At the turn of the 20th century, Hillcrest was a
model settlement for mining towns in the Crowsnest Pass. Admired
for its well-organized streets, planned waterways, and safe
mines, the town flourished, between the years of 1905 and 1914.
In the early years, the town prospered as the markets continued
to demand the commodities produced in the town.
Hillcrest was born from the strength of the coalfields in the
vicinity. In 1898, Charles Plummer Chippy Hill of Port Hill,
Idaho, came to the Crowsnest Pass and chanced upon a rich coal
outcropping. Four years later, he staked out a claim on the
land, purchased the mineral rights, and created the Hillcrest
Coal and Coke Company.
The company built a town that would become a model of forward
thinking. Town-planners looked well into the future by mapping
its main streets to be 24 metres wide to account for future
growth. Laying tracks was the first task when the town was built
in 1905, and by 1910, workers constructed the Hillcrest Station,
completing the sidetracks for Hillcrest cars.
The company chose its townsite well. Fresh water was drawn
from nearby Drum Creek, the Chinook winds created a lovely
climate, and the coal was of high quality. The Hillcrest Coal
and Coke Company built one of the fastest growing towns in the
Pass. By 1914, the population of Hillcrest had reached 1,000
Apart from the town, the mine was also well organized. When
the town was first constructed, the Hillcrest Coal and Coke
Company moved quickly to draw a population by building cottages
and homes for its workers. Early on, the company aimed high, and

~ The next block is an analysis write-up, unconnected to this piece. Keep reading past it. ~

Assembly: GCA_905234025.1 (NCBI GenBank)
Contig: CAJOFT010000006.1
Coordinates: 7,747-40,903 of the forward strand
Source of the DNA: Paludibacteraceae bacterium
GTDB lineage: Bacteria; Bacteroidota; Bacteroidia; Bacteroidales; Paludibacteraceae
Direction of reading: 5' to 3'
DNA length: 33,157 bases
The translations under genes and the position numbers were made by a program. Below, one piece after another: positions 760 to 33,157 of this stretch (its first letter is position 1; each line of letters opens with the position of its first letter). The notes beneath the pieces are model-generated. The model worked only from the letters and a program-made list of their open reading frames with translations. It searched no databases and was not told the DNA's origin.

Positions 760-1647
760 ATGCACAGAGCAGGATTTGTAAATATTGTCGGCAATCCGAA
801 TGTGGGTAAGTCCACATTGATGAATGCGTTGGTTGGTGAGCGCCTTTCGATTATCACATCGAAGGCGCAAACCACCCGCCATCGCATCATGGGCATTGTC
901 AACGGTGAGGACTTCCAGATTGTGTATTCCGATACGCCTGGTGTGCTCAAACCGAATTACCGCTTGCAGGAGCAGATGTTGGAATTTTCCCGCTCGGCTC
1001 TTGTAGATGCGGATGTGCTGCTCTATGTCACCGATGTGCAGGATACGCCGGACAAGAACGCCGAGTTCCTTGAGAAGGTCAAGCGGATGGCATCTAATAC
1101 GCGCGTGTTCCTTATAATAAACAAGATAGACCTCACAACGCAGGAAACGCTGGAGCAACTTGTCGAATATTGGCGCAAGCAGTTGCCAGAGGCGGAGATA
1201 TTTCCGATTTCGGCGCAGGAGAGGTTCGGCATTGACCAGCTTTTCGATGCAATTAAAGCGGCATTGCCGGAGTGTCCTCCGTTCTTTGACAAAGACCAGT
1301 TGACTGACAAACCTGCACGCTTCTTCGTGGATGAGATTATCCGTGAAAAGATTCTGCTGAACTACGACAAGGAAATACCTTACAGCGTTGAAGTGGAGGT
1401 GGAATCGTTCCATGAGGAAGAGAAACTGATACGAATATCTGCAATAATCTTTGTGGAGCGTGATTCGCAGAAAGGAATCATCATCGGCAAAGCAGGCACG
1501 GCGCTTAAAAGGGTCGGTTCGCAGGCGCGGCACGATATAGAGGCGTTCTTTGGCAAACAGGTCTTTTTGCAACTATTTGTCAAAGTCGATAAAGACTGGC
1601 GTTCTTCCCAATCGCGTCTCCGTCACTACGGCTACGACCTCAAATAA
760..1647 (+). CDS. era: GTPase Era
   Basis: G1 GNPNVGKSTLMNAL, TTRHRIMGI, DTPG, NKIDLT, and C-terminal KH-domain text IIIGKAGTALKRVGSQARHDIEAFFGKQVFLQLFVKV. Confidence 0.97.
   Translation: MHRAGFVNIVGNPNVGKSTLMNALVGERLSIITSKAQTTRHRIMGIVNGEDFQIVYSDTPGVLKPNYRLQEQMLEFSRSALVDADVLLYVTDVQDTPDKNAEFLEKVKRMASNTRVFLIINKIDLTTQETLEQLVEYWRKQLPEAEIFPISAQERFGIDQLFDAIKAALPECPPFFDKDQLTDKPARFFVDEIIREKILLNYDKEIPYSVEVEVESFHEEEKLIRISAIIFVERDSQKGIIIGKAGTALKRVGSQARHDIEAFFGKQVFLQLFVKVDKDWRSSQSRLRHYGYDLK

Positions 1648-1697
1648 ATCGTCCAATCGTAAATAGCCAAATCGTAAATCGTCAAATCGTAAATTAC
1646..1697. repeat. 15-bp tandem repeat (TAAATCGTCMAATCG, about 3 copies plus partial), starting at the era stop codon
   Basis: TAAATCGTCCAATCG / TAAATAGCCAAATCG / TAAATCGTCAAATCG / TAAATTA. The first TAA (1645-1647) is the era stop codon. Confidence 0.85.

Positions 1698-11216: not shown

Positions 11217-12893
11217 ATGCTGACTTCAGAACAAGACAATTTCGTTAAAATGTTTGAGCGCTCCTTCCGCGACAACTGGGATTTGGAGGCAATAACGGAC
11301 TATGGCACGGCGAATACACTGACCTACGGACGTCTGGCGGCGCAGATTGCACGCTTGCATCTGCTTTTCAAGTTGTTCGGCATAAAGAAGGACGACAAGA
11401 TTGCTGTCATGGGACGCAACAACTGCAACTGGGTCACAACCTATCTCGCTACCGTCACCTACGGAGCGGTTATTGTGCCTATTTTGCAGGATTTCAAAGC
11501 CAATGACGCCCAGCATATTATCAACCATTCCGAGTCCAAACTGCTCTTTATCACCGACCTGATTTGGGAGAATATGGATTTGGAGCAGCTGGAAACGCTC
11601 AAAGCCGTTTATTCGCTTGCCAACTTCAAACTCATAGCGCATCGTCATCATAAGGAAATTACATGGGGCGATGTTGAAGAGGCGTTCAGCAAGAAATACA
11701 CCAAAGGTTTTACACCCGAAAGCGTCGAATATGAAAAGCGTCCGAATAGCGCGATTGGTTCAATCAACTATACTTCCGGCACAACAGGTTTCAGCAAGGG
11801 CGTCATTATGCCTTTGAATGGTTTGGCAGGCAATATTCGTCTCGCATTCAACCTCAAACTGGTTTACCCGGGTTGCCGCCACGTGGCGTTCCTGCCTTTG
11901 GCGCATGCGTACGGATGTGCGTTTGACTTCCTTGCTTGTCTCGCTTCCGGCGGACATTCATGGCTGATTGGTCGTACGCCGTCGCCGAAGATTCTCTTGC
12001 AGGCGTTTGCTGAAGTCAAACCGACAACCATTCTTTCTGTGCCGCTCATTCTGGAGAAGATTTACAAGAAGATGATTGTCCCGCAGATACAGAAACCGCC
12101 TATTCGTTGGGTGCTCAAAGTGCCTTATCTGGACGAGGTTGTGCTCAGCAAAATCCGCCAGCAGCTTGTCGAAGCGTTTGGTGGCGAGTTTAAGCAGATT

believed that it was possible to draw 2,000 tonnes of coal per
day. By 1914, the company built a mine considered one of the
safest and best run in the Pass, could boast 344 men on the
payroll, and were fast approaching their lofty goal.
That was before tragedy struck. On 19 June 1914, when the 237
miners trundled off to work in the morning, no one knew some of
them would not return home. At 9:30 a.m., a massive explosion
tore through the mine, collapsing the roof, burying miners and
horses alike. The magnitude of the blast destroyed any structure
nearby. The engine house that stood 30 metres from the mouth of
the pit was completely destroyed, the roof blown 12 metres back
and its 20 centimetre concrete wall smashed.
Although rescuers acted quickly to find survivors, it became
apparent that few lived through the explosion. In total, 48 men
came out alive, while the rest remained buried 30 centimetres
apart in a mass grave. Almost every family in the area lost a
family member, leaving 400 children fatherless.
Since the mine closed in 1939, the coal industry in the area
has since shut down. Today, Hillcrest is a quiet town marked
with three large gravesites surrounded by a picket fence. The
cemetery was designated a Provincial Historic Resource in